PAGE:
Work in Progress Schedule – in this video I go over the WIP schedule or Work In Progress schedule. For contractors that are working on numerous projects at the same time, it’s always a good idea to do a WIP schedule because it gives you a better idea of how your construction company is doing on a per project basis as well as overall. In fact, you may be required to do it if you’re getting audited or you take in more than a certain amount of revenue and have to follow the Percentage of Completion Method.
The WIP schedule provides snap shots at a point in time of where your profitability stands on a job by job basis. It can provide assurance that your contract revenue, contract costs, under billings and over billings all reconcile to your profit and loss statement.
In the video, I show you an example of a simple spreadsheet you can use for the WIP schedule for your construction company. There are different spreadsheets that you can use. Yours doesn’t have to look exactly like the example, but it’s a basic one and should give you a good idea of what’s involved. You can set it up to track your total contract revenue, total estimated cost, estimated gross revenue, billings to date, revenue recognized and so forth.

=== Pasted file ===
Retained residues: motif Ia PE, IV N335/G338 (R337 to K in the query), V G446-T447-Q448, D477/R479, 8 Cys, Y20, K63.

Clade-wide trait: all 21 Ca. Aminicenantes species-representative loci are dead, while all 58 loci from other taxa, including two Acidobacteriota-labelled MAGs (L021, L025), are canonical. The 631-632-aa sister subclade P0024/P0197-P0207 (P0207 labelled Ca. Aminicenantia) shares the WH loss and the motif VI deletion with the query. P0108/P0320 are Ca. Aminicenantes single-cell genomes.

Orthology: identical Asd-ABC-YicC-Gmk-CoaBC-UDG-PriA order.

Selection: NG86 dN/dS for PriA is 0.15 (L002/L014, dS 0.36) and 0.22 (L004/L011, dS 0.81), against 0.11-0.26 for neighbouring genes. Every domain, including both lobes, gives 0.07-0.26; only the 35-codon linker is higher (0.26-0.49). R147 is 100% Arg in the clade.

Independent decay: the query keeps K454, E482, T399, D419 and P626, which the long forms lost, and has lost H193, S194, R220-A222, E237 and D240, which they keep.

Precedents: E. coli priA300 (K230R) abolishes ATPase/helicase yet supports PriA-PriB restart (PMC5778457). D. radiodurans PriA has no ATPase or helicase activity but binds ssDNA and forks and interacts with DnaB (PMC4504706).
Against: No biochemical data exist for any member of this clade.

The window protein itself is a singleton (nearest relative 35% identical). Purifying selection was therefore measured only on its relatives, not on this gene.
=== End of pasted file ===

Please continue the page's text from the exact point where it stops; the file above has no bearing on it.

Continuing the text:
The WIP schedule will tell you if your jobs are over or under billed, which over time will give you a better idea of what to do moving forward. So it’s a good not only for seeing where you are but also for making notes and figuring out what you can do to improve upon your projects. You can adjust it over time because if you’re in the middle of a project and you realize that the estimated costs are going to be more than what you originally anticipated, you don’t have to use that original estimate. You can always adjust it so that you can come up with a more accurate accounting of the over/under billing numbers.
You can’t make managerial decisions based on a cash-basis financial statement for a construction company because it’s so volatile– there are always bills being sent out before you actually invoice and receive the money. The WIP schedule is a way to figure out where you are at all times.
Watch the video to see how to easily set up a WIP schedule. It’s something you probably should be doing every month. Some contractors do it on a weekly basis. Most of the construction companies I work with do it on a monthly or quarterly basis.
The above applies to a WIP schedule for projects you as a contractor are building for a developer. It’s a bit different when you own the property you are building on, that is when you are developing your own property. See this my post about Recording Construction in Progress for Development Property to learn more about that. Feel free to contact me if you have questions.